There need to be protections in place to guard those who are at the most risk of serious exploitation but least in the position to do something about it themselves. Without those safeguards, they’ll continue to be inundated by ads that are more and more finely-targeted to the point that companies running those ads know intimate personal details about the individual than anyone else does. That’s a system ripe for abuse in various ways, something we’re already seeing.

Chris Thilk is a freelance writer and content strategist who lives in the Chicago suburbs.

The YouTube Advertising Kerfluffle Is The Latest Hand-Wringing Over Content

Yesterday, after weeks of ad agencies and media buyers airing their grievances through the press, YouTube announced some tools to help advertisers ensure they’re not placing ads against violent, hateful and otherwise blatantly offensive videos. As I followed this saga through media stories about it (I don’t have any skin in this game) it seemed to me that this was the result of a very new conversation but it’s the latest iteration of a very old topic.  

The new conversation is around advertisers social responsibility to not encourage hate speech. That seems like a big burden to put on companies, who are also feeling pressured to take public stances on social topics. It’s no longer permissible, it seems, to just buy as much ad inventory as possible however blindly and then turn around and crow to the client about the reach of the campaign. ]

That used to be socially acceptable, even if it was always morally squishy. It was alright to place ads on all sorts of videos and websites because hey, it’s business folks. And the search for reach was so all-encompassing and all-important that it trumped any concerns about the kind of content that was being supported by those ad buys. Sure, there was a bit of hand-wringing about this or that specific execution, but it never lead to any systemic changes in the industry. The rise of ad networks, including recent developments around programmatic buying and other technology that takes human consideration out of the equation, only exacerbated the problem.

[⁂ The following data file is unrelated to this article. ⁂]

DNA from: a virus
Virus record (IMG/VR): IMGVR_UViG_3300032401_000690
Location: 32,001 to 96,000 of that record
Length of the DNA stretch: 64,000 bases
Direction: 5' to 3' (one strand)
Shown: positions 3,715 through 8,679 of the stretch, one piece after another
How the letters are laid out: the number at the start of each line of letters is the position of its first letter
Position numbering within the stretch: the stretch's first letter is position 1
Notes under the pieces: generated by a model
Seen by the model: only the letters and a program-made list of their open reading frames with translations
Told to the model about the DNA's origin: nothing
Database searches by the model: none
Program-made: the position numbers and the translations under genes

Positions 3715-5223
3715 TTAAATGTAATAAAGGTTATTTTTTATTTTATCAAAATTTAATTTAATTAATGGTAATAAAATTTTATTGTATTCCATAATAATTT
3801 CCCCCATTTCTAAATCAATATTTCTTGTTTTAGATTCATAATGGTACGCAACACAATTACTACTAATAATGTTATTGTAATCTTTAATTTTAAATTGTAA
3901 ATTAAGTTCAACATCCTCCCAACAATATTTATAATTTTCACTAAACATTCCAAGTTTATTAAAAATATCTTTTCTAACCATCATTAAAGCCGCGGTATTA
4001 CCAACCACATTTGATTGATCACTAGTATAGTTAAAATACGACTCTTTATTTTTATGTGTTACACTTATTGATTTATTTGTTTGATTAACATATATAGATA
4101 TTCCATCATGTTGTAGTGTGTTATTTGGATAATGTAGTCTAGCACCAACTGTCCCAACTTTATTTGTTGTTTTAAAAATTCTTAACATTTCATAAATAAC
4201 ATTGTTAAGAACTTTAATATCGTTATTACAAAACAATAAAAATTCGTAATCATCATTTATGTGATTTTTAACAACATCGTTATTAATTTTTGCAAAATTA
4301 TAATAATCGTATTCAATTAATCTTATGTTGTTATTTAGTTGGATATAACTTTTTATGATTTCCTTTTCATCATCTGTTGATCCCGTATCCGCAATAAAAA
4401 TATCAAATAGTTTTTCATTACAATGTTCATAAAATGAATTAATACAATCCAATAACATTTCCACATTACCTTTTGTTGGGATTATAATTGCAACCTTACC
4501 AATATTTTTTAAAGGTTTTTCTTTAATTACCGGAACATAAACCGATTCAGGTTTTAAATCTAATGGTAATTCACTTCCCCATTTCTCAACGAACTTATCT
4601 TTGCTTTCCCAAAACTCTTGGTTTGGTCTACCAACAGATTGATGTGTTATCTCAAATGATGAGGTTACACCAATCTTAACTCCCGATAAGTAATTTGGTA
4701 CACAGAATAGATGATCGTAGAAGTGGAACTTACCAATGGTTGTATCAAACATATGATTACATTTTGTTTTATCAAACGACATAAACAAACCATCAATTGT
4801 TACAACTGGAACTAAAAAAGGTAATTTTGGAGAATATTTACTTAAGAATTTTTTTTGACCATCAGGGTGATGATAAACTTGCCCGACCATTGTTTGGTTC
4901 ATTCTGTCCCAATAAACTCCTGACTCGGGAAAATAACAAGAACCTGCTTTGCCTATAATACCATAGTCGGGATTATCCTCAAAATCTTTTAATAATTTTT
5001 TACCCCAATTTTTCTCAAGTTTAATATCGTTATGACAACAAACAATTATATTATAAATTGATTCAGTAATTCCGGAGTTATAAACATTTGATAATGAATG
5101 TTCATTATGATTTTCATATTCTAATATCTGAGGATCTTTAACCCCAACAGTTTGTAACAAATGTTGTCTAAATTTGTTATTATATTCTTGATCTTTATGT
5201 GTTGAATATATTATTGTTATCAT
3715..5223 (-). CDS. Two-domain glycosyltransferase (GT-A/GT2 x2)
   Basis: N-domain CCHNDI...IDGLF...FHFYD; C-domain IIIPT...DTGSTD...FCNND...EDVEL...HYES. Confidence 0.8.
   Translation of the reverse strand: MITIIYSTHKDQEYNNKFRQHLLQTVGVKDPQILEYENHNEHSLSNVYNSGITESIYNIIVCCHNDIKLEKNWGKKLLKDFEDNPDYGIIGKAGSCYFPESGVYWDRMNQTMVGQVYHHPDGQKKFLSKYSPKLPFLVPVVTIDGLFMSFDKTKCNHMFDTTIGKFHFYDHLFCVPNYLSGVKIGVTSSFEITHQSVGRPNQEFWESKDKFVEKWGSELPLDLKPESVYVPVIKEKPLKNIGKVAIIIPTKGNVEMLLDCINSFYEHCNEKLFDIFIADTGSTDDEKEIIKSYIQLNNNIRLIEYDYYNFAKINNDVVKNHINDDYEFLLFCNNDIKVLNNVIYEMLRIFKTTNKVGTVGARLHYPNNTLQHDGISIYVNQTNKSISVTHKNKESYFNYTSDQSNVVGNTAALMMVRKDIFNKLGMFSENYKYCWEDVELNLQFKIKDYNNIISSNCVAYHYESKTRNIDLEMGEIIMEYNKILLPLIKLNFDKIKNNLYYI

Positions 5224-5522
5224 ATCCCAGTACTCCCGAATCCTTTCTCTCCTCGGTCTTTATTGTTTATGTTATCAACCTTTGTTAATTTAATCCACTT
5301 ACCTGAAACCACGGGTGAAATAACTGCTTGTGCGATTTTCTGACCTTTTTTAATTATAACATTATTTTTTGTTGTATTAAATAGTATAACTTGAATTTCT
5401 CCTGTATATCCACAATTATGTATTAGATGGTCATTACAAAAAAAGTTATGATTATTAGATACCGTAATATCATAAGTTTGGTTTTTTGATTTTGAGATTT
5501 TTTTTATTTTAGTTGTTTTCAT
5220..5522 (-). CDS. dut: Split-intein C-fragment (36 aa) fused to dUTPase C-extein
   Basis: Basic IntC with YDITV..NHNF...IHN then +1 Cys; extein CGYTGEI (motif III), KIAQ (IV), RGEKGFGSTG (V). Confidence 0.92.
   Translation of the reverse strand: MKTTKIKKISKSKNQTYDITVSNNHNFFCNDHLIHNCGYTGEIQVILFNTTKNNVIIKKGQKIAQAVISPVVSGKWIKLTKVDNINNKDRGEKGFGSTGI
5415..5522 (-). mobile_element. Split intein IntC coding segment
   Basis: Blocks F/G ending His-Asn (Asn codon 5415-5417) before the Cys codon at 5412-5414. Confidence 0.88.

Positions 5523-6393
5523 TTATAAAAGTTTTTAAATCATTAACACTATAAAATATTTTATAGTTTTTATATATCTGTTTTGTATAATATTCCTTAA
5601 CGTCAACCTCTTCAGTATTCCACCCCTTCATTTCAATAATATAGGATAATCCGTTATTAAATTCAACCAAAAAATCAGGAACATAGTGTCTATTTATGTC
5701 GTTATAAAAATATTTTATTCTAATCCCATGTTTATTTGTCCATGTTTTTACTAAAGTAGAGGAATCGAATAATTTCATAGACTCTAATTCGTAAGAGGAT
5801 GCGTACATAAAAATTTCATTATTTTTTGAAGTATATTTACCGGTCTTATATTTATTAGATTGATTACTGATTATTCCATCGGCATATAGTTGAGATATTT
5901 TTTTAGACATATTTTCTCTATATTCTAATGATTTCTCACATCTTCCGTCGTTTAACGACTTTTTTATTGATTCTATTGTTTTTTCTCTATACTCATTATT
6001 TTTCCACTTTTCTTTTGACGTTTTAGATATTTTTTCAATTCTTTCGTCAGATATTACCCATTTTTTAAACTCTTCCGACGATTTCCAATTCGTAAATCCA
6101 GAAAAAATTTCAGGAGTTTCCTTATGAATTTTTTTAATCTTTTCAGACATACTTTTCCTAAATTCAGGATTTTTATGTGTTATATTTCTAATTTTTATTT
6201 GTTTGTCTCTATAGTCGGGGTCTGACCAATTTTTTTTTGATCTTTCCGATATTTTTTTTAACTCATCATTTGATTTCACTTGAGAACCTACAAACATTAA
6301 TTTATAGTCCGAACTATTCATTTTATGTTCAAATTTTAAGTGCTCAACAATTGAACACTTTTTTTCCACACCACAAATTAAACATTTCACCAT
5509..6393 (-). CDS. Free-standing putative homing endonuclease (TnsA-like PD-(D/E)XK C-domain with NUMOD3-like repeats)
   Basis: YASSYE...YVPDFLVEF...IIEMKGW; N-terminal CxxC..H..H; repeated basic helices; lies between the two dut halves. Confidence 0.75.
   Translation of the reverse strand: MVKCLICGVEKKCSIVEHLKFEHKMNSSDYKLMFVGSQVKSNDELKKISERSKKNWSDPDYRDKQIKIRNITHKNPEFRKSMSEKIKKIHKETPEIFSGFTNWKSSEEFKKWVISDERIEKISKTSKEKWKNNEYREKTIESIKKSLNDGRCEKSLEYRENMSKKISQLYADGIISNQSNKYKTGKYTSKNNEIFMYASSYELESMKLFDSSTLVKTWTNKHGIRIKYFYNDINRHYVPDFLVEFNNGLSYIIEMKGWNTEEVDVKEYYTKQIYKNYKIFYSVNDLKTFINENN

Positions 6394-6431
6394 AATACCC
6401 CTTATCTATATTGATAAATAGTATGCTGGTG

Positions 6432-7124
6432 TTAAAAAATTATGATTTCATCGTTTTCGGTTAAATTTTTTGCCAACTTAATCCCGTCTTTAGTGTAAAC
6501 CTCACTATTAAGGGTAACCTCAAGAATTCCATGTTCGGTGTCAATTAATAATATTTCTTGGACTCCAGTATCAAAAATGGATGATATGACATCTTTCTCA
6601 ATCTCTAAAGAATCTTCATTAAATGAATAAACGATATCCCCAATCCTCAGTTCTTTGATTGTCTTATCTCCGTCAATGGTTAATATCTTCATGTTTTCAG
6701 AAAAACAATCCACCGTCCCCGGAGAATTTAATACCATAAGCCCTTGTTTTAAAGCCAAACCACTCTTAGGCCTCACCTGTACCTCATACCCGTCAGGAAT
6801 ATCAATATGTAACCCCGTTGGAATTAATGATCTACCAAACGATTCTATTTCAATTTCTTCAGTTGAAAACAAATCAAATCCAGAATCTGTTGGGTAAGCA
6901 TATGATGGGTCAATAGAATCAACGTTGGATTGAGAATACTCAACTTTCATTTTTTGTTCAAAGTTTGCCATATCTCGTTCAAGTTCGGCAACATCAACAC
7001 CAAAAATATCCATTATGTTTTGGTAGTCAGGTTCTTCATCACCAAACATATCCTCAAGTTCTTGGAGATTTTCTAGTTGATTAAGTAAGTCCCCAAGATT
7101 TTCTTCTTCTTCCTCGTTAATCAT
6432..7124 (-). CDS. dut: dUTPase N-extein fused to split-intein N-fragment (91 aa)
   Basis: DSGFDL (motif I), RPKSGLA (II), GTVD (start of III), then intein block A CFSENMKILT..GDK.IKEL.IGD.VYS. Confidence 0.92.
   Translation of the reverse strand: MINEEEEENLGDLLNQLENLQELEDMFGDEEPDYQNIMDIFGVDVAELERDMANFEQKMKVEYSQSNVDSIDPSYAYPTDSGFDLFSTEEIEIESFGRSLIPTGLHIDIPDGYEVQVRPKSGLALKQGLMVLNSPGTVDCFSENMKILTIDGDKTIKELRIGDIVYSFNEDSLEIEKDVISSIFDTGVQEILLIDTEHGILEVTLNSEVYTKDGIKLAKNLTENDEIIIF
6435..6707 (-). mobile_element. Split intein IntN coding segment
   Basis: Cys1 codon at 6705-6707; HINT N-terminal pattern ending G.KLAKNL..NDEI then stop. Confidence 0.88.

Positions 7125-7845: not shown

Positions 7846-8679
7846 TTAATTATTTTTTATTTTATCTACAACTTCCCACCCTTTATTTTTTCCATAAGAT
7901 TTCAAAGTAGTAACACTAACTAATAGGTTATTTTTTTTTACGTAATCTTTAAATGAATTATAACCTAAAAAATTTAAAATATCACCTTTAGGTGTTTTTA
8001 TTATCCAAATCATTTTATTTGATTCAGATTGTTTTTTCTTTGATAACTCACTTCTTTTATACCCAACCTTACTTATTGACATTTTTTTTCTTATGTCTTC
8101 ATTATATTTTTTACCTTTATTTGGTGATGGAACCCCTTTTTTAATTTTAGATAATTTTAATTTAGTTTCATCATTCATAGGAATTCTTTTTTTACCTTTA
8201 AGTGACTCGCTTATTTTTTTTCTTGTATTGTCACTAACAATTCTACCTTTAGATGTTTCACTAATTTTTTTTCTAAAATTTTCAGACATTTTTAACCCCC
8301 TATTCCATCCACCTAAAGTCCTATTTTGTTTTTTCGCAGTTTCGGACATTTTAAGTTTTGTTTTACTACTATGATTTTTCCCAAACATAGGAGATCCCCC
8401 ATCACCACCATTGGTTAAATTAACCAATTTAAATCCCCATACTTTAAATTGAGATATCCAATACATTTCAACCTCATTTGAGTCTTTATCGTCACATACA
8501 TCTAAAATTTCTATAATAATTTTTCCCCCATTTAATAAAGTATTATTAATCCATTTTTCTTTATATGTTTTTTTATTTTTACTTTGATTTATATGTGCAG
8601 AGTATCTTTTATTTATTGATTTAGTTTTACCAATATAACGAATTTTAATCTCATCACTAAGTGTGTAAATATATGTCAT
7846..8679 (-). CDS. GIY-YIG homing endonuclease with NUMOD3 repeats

Now, though, there’s real concern about the damage that can be done to a corporate reputation by advertising on the wrong site or video. It’s no longer just the kind of nail-biting and furrowed brows that were prevalent back in the days when blogs were ascendant and people worried about how Google AdSense was going to put ads for your company alongside unedited consumer-generated content that might be a bit offensive. That has evolved to the point where there are legitimate concerns about big brand campaigns running on – and therefore financially supporting – sites and videos that espouse white nationalist and other viewpoints that honestly haven’t we quashed these by now?

This is where the advertising industry needs to be a bit more appreciative of the work that’s done by the PR side of the marketing world. It’s those PR practitioners that are concerned *all the time* about where a message is appearing, what the context is and what impact the big picture has on corporate perception and reputation. The fumbling way the advertising industry has handled the recent uptick in conversations around placing ads on fake news sites, hate-filled videos and more shows how much they have to learn about how to engage in two-way conversations, having grown too comfortable with just pushing things out in a monodirectional way.

The advertising industry went way too far in the direction of “dumb” ad buying, leaving everything up to algorithms and automated bidding systems that took away a great deal of accountability from the buyers themselves. Now that’s come back to bite them as they find themselves responsible for doing reputational damage by allowing ads to run on hateful content. Hopefully, those in power can find a way alter the system to one that still allows for the kind of mass reach that was achieved but doesn’t get a brand into hot water for being seen as financing Nazis and other bad actors.

Marketing Madness in 60 Seconds: 7/31/09


The upfronts are finally beginning to move forward and the networks are finally starting to log some sales. It’s not like commercial time is flying off the shelf though, and the take for networks might be in the $1 – $1.5 billion range, down from over $9 billion last year – even though they’re not conceding as much on pricing as buyers were initially asking them to. Networks have still, though, only booked 25 percent of their inventory and the Fall season is only two months away. Declines in CPM rates have not been as great as buyers were hoping for but still more than the networks were angling for.

I actually don’t think the call by some publishers to do away with ad networks is about anything other than them wanting to stop blogging from being profitable, thereby eliminating the new media competition they see biting their heels.

Spending on word-of-mouth marketing efforts reached $1.5 billion last year according to PQ Media and is expected to grow over 10 percent this year. In-game ads also continue to grow.